Multiple plist files

In trying to research why I got the data.plist error, I searched my hard drive and found 7 data.plist files for Panorama from various dates going back to 2019. Should I do anything with them? Is it possible that they contribute to the data.plist error? Or, should I ignore them?

Every database is a bundle of files, one of which is named data.plist. It’s an essential part of the database. It gets mentioned in that error message, because that’s where the database integrity seal is located, along with a wealth of other information about the database.

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So I should just leave them alone?

Yes. The steps you took in advanced preferences made the appropriate changes. That’s not something you want to be doing manually.

Thanks so much for your help, Dave.

How did you search your hard drive? A normal search will not find these files that are embedded within package files. If you have a search tool that finds files inside packages that is a specialized tool that you probably shouldn’t use unless you understand the details of file system usage.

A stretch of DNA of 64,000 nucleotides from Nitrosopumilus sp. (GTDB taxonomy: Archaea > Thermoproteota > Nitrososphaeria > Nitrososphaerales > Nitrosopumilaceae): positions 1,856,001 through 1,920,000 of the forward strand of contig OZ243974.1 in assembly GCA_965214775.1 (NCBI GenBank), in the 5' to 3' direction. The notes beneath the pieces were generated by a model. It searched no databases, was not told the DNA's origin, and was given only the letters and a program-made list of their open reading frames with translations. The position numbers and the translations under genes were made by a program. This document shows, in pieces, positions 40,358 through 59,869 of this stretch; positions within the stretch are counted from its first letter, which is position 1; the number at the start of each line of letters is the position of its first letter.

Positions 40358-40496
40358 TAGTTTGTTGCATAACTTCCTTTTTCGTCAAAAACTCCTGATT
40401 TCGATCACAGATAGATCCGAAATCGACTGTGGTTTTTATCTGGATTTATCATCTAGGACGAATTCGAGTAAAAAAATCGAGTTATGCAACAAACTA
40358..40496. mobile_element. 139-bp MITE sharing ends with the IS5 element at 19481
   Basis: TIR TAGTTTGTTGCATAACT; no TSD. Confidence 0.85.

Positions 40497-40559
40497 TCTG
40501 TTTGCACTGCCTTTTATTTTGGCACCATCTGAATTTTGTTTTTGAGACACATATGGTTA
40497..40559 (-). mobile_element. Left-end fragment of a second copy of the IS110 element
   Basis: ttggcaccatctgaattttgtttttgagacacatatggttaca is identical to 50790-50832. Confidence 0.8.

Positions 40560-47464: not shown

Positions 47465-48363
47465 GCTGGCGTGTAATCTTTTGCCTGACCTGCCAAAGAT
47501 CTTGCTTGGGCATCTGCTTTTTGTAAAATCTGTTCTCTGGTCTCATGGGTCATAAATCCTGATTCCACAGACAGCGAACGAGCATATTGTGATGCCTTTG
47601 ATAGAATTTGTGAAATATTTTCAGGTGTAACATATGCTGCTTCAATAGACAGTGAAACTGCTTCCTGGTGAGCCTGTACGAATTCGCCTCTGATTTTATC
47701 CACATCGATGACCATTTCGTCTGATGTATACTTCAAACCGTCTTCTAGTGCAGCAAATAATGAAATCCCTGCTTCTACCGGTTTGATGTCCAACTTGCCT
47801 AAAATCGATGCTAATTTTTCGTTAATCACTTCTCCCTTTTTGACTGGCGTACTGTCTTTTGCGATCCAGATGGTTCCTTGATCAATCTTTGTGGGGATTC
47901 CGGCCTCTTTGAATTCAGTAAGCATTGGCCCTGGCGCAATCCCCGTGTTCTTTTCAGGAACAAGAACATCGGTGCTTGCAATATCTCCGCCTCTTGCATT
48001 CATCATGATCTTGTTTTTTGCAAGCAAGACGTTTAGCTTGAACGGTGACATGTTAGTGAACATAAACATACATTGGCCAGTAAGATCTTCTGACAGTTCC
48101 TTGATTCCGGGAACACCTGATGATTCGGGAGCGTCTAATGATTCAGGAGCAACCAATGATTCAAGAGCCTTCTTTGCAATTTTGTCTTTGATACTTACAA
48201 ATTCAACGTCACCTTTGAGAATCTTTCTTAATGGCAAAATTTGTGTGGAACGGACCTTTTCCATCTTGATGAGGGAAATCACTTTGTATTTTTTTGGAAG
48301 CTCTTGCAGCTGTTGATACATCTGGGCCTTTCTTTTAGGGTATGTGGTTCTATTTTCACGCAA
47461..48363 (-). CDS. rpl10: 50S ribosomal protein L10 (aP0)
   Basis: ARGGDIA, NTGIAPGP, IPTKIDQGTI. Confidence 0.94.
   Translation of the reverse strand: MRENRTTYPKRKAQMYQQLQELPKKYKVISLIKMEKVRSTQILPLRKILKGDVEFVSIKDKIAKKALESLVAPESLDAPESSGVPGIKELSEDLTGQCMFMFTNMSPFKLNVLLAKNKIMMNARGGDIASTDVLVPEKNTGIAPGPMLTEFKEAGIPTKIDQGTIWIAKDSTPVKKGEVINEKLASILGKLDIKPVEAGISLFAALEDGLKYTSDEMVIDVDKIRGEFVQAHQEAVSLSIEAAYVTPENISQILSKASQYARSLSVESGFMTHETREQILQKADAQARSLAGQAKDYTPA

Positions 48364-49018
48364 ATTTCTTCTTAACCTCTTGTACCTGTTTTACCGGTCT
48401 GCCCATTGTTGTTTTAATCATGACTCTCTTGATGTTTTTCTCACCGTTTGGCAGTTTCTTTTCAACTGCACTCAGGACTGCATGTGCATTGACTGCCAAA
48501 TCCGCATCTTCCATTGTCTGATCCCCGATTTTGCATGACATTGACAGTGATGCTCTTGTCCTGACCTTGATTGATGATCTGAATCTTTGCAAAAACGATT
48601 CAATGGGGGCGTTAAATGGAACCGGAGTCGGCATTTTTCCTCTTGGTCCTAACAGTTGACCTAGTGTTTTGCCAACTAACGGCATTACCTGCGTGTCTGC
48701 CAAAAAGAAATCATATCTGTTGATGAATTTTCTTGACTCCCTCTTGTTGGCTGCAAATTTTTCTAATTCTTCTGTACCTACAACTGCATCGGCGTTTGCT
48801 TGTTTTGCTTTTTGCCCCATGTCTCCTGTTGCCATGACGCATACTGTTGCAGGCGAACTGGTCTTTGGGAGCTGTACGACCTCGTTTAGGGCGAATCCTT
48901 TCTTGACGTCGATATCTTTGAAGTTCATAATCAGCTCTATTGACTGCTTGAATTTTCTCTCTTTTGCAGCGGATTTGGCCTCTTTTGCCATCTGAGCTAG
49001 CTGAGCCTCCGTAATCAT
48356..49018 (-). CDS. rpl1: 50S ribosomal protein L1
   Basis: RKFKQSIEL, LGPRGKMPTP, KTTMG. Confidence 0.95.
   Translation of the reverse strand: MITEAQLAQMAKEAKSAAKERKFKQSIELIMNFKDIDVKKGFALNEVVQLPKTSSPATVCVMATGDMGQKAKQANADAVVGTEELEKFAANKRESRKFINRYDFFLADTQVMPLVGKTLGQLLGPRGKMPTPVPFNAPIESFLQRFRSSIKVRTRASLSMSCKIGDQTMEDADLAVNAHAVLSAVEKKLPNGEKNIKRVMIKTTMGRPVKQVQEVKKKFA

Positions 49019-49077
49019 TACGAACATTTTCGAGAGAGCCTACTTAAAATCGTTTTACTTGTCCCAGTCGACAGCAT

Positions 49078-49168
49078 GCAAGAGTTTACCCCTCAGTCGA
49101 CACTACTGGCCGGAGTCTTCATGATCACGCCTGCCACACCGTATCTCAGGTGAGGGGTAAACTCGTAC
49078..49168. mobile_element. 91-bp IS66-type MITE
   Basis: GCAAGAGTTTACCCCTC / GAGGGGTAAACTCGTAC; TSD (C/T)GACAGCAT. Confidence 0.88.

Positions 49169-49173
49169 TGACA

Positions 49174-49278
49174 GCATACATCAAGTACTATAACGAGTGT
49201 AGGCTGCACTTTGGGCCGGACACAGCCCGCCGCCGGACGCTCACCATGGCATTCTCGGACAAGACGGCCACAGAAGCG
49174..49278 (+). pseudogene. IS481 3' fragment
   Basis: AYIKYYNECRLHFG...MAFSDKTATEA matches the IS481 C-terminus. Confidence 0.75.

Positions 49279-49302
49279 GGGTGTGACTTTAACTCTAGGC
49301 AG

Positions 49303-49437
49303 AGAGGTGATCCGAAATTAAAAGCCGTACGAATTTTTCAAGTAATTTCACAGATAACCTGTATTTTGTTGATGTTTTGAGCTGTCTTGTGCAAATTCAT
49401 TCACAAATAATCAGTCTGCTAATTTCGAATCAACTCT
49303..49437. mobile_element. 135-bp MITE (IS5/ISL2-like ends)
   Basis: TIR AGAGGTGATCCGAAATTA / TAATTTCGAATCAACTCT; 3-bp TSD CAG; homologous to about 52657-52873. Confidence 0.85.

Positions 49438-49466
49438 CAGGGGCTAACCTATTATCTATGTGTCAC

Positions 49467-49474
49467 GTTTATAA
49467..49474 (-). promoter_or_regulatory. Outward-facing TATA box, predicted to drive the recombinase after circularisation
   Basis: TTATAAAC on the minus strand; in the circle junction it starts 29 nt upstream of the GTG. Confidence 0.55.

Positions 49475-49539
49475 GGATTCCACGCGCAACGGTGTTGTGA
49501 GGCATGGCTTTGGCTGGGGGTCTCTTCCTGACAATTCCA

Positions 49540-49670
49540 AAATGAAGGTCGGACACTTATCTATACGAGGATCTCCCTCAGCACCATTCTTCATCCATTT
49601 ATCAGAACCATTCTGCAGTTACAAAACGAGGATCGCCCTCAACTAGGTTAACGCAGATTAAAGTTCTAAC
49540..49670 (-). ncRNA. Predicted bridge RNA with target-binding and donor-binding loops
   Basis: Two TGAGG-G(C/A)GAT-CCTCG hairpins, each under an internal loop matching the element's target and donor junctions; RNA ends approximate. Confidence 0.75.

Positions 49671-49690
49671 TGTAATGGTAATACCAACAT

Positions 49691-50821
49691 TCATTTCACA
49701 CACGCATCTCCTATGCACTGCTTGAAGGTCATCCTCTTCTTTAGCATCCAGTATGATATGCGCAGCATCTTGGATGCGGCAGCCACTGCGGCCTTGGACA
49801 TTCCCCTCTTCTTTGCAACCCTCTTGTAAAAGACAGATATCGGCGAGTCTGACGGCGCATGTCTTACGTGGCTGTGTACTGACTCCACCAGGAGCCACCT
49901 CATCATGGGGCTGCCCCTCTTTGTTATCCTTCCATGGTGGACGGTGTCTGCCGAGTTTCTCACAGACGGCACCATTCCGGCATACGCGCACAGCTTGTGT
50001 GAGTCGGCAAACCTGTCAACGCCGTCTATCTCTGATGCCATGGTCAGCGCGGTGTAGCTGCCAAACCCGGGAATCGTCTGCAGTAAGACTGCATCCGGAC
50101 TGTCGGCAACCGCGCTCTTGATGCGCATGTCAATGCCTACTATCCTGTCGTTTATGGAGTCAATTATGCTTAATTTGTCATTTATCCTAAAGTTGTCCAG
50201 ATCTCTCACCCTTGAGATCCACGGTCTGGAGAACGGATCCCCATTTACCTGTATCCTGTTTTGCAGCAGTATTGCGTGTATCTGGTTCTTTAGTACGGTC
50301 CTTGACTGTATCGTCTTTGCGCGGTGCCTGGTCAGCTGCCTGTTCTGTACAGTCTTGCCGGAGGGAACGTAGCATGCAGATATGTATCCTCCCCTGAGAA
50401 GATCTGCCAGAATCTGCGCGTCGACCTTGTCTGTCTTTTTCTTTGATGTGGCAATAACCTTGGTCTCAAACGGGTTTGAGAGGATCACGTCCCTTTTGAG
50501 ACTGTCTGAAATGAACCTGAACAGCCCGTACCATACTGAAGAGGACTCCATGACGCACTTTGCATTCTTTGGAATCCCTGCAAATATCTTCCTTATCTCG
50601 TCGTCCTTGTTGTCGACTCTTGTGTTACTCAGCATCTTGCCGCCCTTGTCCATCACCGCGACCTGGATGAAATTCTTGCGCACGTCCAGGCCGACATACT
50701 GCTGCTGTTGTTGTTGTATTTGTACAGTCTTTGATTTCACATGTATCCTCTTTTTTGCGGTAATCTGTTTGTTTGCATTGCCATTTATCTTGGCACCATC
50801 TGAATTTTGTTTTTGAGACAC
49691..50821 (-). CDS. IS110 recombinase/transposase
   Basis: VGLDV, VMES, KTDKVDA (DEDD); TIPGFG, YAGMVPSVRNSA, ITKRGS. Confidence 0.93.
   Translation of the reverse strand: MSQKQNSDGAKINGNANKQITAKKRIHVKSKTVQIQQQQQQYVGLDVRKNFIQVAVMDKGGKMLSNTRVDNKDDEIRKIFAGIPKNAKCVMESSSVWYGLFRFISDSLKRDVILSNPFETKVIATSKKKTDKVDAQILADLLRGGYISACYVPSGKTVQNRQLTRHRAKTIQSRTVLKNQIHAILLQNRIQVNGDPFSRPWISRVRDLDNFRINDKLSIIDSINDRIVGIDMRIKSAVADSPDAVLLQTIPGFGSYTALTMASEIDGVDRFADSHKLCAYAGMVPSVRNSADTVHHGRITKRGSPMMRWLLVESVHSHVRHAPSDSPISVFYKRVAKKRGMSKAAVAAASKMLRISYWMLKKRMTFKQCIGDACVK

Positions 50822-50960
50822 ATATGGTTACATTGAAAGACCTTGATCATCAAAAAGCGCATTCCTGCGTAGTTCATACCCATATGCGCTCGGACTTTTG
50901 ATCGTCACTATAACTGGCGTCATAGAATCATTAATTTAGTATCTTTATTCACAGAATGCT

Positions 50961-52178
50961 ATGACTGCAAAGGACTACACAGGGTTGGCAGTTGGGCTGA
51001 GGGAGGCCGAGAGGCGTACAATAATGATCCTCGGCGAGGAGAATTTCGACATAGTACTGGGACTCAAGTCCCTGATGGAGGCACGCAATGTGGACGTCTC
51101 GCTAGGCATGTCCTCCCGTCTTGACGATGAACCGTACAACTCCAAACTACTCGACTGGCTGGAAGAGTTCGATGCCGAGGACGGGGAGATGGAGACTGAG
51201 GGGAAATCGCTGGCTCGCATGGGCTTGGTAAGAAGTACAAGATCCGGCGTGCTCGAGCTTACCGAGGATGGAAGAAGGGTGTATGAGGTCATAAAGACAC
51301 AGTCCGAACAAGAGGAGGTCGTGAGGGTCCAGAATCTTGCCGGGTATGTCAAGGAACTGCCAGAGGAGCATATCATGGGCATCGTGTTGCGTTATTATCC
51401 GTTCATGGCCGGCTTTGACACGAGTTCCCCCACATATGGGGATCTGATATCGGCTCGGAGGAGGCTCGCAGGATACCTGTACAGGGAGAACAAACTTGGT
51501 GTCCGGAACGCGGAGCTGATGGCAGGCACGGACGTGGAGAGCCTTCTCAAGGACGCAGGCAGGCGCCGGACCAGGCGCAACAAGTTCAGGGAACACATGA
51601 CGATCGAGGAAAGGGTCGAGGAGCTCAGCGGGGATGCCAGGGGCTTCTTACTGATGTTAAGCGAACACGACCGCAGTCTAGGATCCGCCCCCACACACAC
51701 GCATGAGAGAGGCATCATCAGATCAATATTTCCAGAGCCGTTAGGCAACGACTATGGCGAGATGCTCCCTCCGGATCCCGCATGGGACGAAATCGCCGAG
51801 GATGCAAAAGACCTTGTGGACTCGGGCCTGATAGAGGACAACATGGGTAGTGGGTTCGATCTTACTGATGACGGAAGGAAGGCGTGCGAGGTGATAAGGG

If I search in the Finder for data.plist it shows all instances within the .pandb files.

Wow. I consider that a serious bug. Packages are suppose to behave like files as far as typical users are concerned.

That’s not what I am seeing on my Mac with macOS 12.4: I am not finding any files with the name “data.plist” unless I use the option “Include System files”. Then I am finding just one file (belonging to the app TimeTracker) with this exact name (no caps) in my user Library/Application Support. No Panorama X database concerned at all.

I don’t know where the ‘Include System file’ option is but I get 357 data.plist files when searching This Mac

Finder search > additional criteria

The two files “data.plist” are support files from other applications in ~/Library/Application Support/ .

If I use EasyFind with the option “Search in package contents” I am able to find 428 “data.plist” files inside my Panorama X databases.

EasyFind is among my very first installs on any new computer. Nothing I’ve seen can search more thoroughly.